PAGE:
The law of malicious falsehood aims to protect economic interests. Malicious falsehood claims are sometimes made in tandem with, or as an alternative to, defamation claims. 

For more on media law see our guides on defamation, harassment and misuse of private information.

Although both malicious falsehood and defamation claims deal with publication of false statements the main difference between them is that a claimant in a malicious falsehood claim is not required to prove damage to reputation. Another advantage is that the single meaning rule does not apply to malicious falsehood claims, so there may be tactical reasons for bringing a claim in malicious falsehood rather than defamation, although damages tend to be lower.

A claim for malicious falsehood may be brought against a defendant who maliciously publishes a false statement which identifies the claimant, his business, property or other economic interests, and can be shown to have caused the claimant financial loss or to fall within one of the exceptions in section 3(1) of the Defamation Act 1952.

A typical situation in which a claim for malicious falsehood arises is where one competitor has made an untrue statement about another’s goods or services, which is calculated to cause it financial loss. Slander of goods or title are types of malicious falsehood.

What does a claimant need to show?

Malicious publication

The defendant must have intended to publish the statements complained of, and have done so with an improper motive. Evidence of malice might include proof:

●      that the defendant knew that the relevant statements were false;

●      that the defendant was reckless as to the truth or falsity of the statements when publishing them, or

●      that, even though the defendant believed the statements to be true, their dominant motive in publishing the statements was to injure the claimant’s interests.


It is up to the claimant to prove that the statements complained of were untrue, unlike in defamation claims, where falsity is presumed and the burden falls on the defendant to prove that the statements are true. Furthermore, the statements complained of, even if false, must be more than “mere puff” between trade rivals, such as that often seen in comparative advertising. There is no defence equivalent to the honest opinion defence available in defamation. This means that the defendant cannot contend that the inference is one that an honest person could have believed to be true.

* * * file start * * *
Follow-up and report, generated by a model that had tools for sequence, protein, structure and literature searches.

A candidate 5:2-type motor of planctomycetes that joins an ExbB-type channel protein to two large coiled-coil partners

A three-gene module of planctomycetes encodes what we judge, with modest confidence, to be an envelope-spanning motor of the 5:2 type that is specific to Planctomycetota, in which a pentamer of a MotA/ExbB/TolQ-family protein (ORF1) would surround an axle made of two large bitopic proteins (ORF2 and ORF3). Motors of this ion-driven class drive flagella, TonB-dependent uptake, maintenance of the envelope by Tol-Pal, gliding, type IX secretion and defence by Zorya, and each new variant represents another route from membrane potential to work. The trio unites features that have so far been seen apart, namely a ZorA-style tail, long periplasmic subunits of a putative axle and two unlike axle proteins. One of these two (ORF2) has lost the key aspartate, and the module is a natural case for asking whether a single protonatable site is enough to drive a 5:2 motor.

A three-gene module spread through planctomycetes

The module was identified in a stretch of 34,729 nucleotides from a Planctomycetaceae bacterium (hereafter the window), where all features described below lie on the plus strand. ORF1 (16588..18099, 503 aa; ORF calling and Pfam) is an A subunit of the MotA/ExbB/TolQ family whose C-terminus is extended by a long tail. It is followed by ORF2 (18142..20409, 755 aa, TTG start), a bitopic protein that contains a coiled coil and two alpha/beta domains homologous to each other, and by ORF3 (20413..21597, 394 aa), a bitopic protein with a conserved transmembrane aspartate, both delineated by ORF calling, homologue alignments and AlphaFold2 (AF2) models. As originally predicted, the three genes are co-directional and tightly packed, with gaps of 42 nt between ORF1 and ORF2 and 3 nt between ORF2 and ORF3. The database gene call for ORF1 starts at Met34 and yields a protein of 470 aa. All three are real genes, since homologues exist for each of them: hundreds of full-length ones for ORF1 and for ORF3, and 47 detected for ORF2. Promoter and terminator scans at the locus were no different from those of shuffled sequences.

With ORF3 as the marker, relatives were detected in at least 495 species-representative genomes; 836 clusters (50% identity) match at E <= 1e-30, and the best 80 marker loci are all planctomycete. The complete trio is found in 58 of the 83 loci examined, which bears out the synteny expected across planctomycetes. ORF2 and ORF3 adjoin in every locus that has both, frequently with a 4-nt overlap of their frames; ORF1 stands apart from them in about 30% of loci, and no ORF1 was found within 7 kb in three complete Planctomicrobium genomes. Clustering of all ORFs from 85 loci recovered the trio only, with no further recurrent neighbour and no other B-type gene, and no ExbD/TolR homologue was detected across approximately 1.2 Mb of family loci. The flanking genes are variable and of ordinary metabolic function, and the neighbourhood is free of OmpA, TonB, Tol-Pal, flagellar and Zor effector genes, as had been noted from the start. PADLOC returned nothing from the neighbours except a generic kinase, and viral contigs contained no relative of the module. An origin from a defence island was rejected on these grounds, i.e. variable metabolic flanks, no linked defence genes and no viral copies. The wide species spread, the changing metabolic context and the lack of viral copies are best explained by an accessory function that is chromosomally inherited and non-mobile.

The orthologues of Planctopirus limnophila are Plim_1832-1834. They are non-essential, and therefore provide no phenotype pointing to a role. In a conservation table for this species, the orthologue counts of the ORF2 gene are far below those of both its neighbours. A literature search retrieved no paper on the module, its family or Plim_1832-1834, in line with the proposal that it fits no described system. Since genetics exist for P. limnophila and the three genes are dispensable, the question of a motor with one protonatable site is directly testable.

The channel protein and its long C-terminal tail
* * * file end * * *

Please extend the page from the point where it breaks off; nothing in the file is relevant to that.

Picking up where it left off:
Identification of the claimant

The claimant, or the claimant’s business, property or other economic interests, must be identified, whether by way of a direct or an indirect reference.

Financial loss

The claimant must demonstrate that the statement has caused actual financial loss unless it falls within one of the exemptions in the 1952 Defamation Act (DA 1952):

●      if the words upon which the action is founded are calculated to cause pecuniary damage to the claimant and are published in writing or other permanent form, or

●      if the said words are calculated to cause pecuniary damage to the claimant in respect of any office, profession, calling, trade or business held or carried on by him at the time of publication.

The use of the word “calculated” in the DA 1952 is to be read as meaning ‘more likely than not’. In relying on this a claimant must identify the nature of the likely loss and the mechanism by which such loss would be incurred.


Damages are available to claimants who can demonstrate that the statements complained of caused them actual financial loss or, if the statements fall within the exemptions above, likely financial loss. Both interim and final injunctions may also be available.

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